References

1 Descharnes, R (1985). Salvador Dalí. Abrams. p. 94. ISBN 0-8109-0830-1.
2 a b Leith, A (6 October 2002). "How Dali Transformed Dough Into a Surreal Slice of Life". The Independent. Retrieved 2011-03-09.
3 a b Havard, R (2007). The Spanish Eye: Painters and Poets of Spain. Chippenham, Wiltshire, Great Britain: Antony Rowe. p. 130. ISBN 978-1-85566-143-1.
4 a b c Etherington-Smith, M (1995) [1993 (Random House)]. The Persistence of Memory: A Biography of Dali. First De Capo Press. p. 300. ISBN 0-306-80662-2.
5 a b c Pine, J. "Breaking Dalinian Bread: On Consuming the Anthropomorphic, Performative, Ferocious, and Eucharistic Loaves of Salvador Dalí". Issue no.14: Aesthetes and Eaters - Food and the Arts. University of Rochester, NY. Retrieved 03-10-11.

6 Chimera, P http://www.dali.com/blog/basket-of-bread-dalis-1945-masterpiece-shows-his-affinity-for-the-old-masters/

In the 1950's Dali declared he had always been painting Rhinocerous Horns. I am here to tell you he had always been painting Bread. Dali's Basket of Bread, as seen above, is every elbow, and every knee that Dali ever painted. Dali would tell me that on a beautiful woman, in a crowded room, the universe could revolve around her knee. The world revolves around Dali's bread, which is not just elbows and knees but the arms and legs of The Specter of Sex Appeal, the melting watches in any number of paintings and last but not least, Gala, Gala is Dali's divine bread.

The loaf of bread in the 1945 Basket of Bread, is an undulating explosive force. Within it belies the math of atomic force. It is the undulating abdomen of a queen termite. It is the extended skull needed to make room for his own fertile imagination. The magic in this painting is its seeming simplicity. In my version I have made visible all the geometry, fluid and chaotic motion, and the potential of there being much more than meets the eye.

I have chosen to depict all of this by utilizing fractals for every instance. Every element in the picture now has a mathematical and fractal element. The background, which Dali chose to depict in a plain flat black is anything but plain. I have used a Mobius Dragon IFS to depict not only the fluid motion of air currents that lie just beyond the perception of out normal senses  but the chaotic convulsive motion of the atomic cloud or volcanic eruption. The simple kitchen table of Dali's version has been enhanced with the pattern of a Menger Sponge. This fractal adds almost infinite surface area to a space, which expands the importance and capability of the table to support the basket and bread. Dali's simple wicker basket hides how geometric and precise it is. I have replaced the basket with a fractal dodecahedron, where every elbow is constructed of yet another dodecahedron. Dali n this work payed homage to Euclid in hiding his platonic solids in the masterpiece. I have decided to put this one, squarely on display. Last but not least is the bred, knee which the universe revolves around, Gala and extended cranium of Dali's imagination. Dali's crust is smooth hiding the nuclear math it holds, wher my bread is a 3 dimensional fractal. Every inch covered and derived from the complex math Dali's version only hinted at. The Mandelbulb 3D generated loaf has anti gravitational crustules and even a cross, bringing forward the Eucharistic value of Dalinian bread. This crust is formed and alive with every geometric and fractal design imaginable, depicting the inherent potential of Dali's Bread of the 1945 Basket. I give you THe Basket of Bread, Just Under the Crust, so that everyone could see what the artist intended in his simple , yet potent still life.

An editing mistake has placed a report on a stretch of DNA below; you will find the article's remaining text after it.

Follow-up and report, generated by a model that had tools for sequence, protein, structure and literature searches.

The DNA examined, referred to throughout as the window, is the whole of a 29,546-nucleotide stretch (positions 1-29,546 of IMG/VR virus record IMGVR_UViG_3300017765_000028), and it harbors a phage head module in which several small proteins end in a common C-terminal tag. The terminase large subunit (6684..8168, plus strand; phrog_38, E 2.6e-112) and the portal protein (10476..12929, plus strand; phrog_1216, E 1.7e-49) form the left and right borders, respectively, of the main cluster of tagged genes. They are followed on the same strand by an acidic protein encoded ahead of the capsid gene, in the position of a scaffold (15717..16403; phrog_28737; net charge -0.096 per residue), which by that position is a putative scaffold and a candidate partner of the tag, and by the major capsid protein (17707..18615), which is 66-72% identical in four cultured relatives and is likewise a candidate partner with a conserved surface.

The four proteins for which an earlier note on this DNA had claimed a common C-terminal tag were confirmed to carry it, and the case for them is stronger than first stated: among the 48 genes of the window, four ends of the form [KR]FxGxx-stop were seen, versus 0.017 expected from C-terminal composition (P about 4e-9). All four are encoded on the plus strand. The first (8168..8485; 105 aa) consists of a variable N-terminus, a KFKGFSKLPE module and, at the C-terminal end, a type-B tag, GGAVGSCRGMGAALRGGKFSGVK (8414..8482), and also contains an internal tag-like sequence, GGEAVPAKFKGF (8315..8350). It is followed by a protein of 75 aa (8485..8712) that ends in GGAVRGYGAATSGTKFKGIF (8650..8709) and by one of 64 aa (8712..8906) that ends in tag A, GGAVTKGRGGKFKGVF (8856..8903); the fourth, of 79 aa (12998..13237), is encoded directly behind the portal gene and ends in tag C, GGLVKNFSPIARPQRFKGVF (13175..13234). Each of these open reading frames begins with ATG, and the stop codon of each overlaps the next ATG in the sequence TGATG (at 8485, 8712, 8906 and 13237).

Louis Markoya

The Continuity and Evolution of Surrealist and Nuclear Mystical Art  

 Former Protege' to Salvador Dali'

© Louis Markoya 1970-2019